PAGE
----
Long-awaited statistics on employment tribunals in England and Wales have found that the overall number of claims rose 66 per cent in the three months after fees were abolished in July.
Whereas the number of single claims – for individual grievances such as unfair or wrongful dismissal – jumped 64 per cent in the first quarter, multiple tribunal claims fell 15 per cent, with the number of overturned cases increasing by 42 per cent.
There were 23,297 multiple claims received in the quarter to October, a decrease of 15 per cent on the same period last year.
Employment law experts have warned organisations to scrutinise their employment practices in light of today’s (14 December) figures, published by the Courts Service, which revealed that the tribunals’ outstanding caseload also rose 37 per cent after London’s Supreme Court found employment tribunal fees unlawful in July.
Following the ruling, the Ministry of Justice “took immediate steps” to stop charging fees for tribunals, and put in place a fee refund scheme for claimants who had paid fees between 2013 and 2017, since the first introduction of such fees.
However, lord chancellor David Lidington confirmed during a justice select committee meeting last month that the government was still intending to charge a fee, but it needed to be careful to ensure tribunals were still accessible and affordable.
The number of employments tribunals brought after fees were introduced had dropped by as much as 70 per cent, meaning that claims may be gradually approaching pre-fee levels.
One possible reason for the decrease in multiple claims could be that some types of multiple claim are also for relatively small amounts – employees making a claim for holiday pay might have worked as a group because it was cheaper under the fee regime, for example.
“Now the fees have been abolished, it could be that those individuals are able to pursue tribunals on their own, and the number of claims is slowly starting to reach pre-fee levels,” Dan Begbie-Clench, partner at Doyle Clayton, told People Management.
Begbie-Clench said he expected that the number of single claims would return to a high level, as the Supreme Court concluded that the introduction of fees “had a substantial impact on the ability of certain groups of people to bring claims, especially people who were trying to recover relatively small amounts of money”.
The number of claims rose from 4,241 between April and June this year, before the ruling, to 7,042 in July to October. In the year from 1 April 2016 to 31 March 2017, however, a total of 88,476 tribunal applications were made, up from 83,031 the previous year, and rising again from 61,308 in 2014-15. But this was significantly lower than in 2013-14, before fees were introduced, when 105,803 employment tribunal claims were brought – and an even higher 191,541 total in 2012-13.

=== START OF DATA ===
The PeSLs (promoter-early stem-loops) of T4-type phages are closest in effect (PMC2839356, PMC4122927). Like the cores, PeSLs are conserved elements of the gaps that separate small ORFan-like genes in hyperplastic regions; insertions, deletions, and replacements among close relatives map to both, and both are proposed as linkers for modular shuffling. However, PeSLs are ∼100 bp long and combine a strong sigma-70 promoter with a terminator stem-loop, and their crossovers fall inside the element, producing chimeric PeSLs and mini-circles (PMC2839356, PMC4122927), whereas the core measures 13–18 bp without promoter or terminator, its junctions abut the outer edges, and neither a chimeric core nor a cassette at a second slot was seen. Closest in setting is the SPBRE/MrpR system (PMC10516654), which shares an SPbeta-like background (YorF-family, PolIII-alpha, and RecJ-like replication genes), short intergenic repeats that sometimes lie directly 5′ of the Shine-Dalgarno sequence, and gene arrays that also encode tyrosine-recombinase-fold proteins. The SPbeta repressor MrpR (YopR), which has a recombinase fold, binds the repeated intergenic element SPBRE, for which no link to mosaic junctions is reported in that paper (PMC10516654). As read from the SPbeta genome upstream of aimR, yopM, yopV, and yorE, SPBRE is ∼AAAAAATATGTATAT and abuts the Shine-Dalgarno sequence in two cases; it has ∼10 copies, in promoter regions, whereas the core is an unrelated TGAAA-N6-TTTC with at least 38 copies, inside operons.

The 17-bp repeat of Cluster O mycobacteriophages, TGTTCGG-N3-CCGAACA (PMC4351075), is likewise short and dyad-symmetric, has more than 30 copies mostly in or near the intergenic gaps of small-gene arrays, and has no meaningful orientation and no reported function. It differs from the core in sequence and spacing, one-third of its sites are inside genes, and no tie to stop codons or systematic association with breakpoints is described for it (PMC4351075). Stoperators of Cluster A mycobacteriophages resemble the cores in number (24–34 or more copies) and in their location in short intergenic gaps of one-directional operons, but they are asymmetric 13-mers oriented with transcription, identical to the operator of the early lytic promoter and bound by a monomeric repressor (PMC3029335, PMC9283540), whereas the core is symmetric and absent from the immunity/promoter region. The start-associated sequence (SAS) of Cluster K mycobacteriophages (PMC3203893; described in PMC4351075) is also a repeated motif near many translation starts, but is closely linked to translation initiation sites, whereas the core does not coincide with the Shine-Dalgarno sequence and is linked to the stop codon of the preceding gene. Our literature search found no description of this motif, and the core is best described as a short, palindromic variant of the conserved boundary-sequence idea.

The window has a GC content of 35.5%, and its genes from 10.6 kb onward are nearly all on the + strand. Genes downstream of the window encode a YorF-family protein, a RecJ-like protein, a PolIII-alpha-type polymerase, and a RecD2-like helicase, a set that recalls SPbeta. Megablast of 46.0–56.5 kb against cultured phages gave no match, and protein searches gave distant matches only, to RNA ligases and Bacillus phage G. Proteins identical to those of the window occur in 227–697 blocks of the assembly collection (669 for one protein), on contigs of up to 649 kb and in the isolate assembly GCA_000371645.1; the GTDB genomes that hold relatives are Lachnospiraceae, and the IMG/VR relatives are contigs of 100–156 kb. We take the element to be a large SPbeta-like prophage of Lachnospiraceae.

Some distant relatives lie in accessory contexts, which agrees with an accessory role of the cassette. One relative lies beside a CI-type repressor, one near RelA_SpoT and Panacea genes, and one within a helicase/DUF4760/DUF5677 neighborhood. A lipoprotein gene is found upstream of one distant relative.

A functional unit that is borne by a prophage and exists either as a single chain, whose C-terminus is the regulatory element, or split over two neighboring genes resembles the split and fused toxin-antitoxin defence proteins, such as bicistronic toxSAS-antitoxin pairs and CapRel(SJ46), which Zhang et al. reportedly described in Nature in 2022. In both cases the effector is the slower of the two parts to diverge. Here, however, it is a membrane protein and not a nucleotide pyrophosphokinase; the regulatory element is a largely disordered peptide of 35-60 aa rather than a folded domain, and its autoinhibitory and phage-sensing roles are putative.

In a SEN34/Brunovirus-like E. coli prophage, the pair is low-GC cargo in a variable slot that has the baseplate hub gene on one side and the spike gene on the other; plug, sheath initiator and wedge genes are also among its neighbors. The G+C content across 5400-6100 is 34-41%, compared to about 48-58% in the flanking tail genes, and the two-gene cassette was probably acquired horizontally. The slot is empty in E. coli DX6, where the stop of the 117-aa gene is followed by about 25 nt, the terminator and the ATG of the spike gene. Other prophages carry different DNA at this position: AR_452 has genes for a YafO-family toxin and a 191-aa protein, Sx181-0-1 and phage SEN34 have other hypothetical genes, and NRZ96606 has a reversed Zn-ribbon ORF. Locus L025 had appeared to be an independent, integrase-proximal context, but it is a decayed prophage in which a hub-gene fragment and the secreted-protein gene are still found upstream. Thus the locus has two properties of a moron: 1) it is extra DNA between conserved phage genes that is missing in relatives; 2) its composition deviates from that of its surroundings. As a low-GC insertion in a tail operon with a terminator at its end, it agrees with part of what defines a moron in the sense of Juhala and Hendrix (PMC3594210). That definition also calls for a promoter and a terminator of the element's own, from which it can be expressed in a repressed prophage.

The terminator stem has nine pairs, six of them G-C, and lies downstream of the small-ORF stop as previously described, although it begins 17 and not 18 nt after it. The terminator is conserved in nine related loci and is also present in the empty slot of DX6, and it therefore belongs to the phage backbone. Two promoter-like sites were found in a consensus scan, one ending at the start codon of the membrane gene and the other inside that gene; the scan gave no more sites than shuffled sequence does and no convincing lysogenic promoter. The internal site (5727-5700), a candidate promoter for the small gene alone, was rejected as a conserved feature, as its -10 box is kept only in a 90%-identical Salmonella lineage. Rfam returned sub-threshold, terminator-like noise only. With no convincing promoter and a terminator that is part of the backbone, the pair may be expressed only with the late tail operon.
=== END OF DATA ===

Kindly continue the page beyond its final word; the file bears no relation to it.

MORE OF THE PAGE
Vikki Wiberg, senior counsel at Taylor Wessing, warned that the abolition of fees would likely lead to a continual rise in the number of claims being made. "Almost immediately following the Supreme Court's abolition of employment tribunal fees, we and many of our clients noticed a spike in claims,” she said.
“These statistics bear out the scale of this trend – clearly the introduction of employment tribunal fees had the intended effect of dissuading employees from making claims, and their abolition has widened access to justice again." The online tribunal database was also launched in early 2017, she added.
She warned that employers could face serious reputational consequences if they had neglected their employment practices while fees were in place. "Tribunal fees might have given employers a false sense of security, enabling some to relax their management practices on the assumption that employees wouldn't pay £1,200 to take their claims to the employment tribunal,” Wiberg said.
“While this was not to be recommended, these statistics bear out how urgent it is for employers to get their house in order."
Chris Clarke, CEO of AdviserPlus, said employers must not underestimate the importance of equipping line managers to handle workplace disputes following the rise in claims. “With the change in policy to abolish fees, we could see even bigger increases in future,” she said. “Firms should be looking at the disciplinary procedures they have in place and how closely these are being followed, to help them resolve disputes in the best way for both the employee and the employer.”
A refund scheme opened by the government last month means that individuals who paid tribunal fees between July 2013 and July 2017 can apply for a refund via the government website, with an estimated 100,000 claims eligible for reimbursement. Experts have estimated that up to £27m could ultimately be repaid to claimants. The system also allows employers to reclaim fees from the government.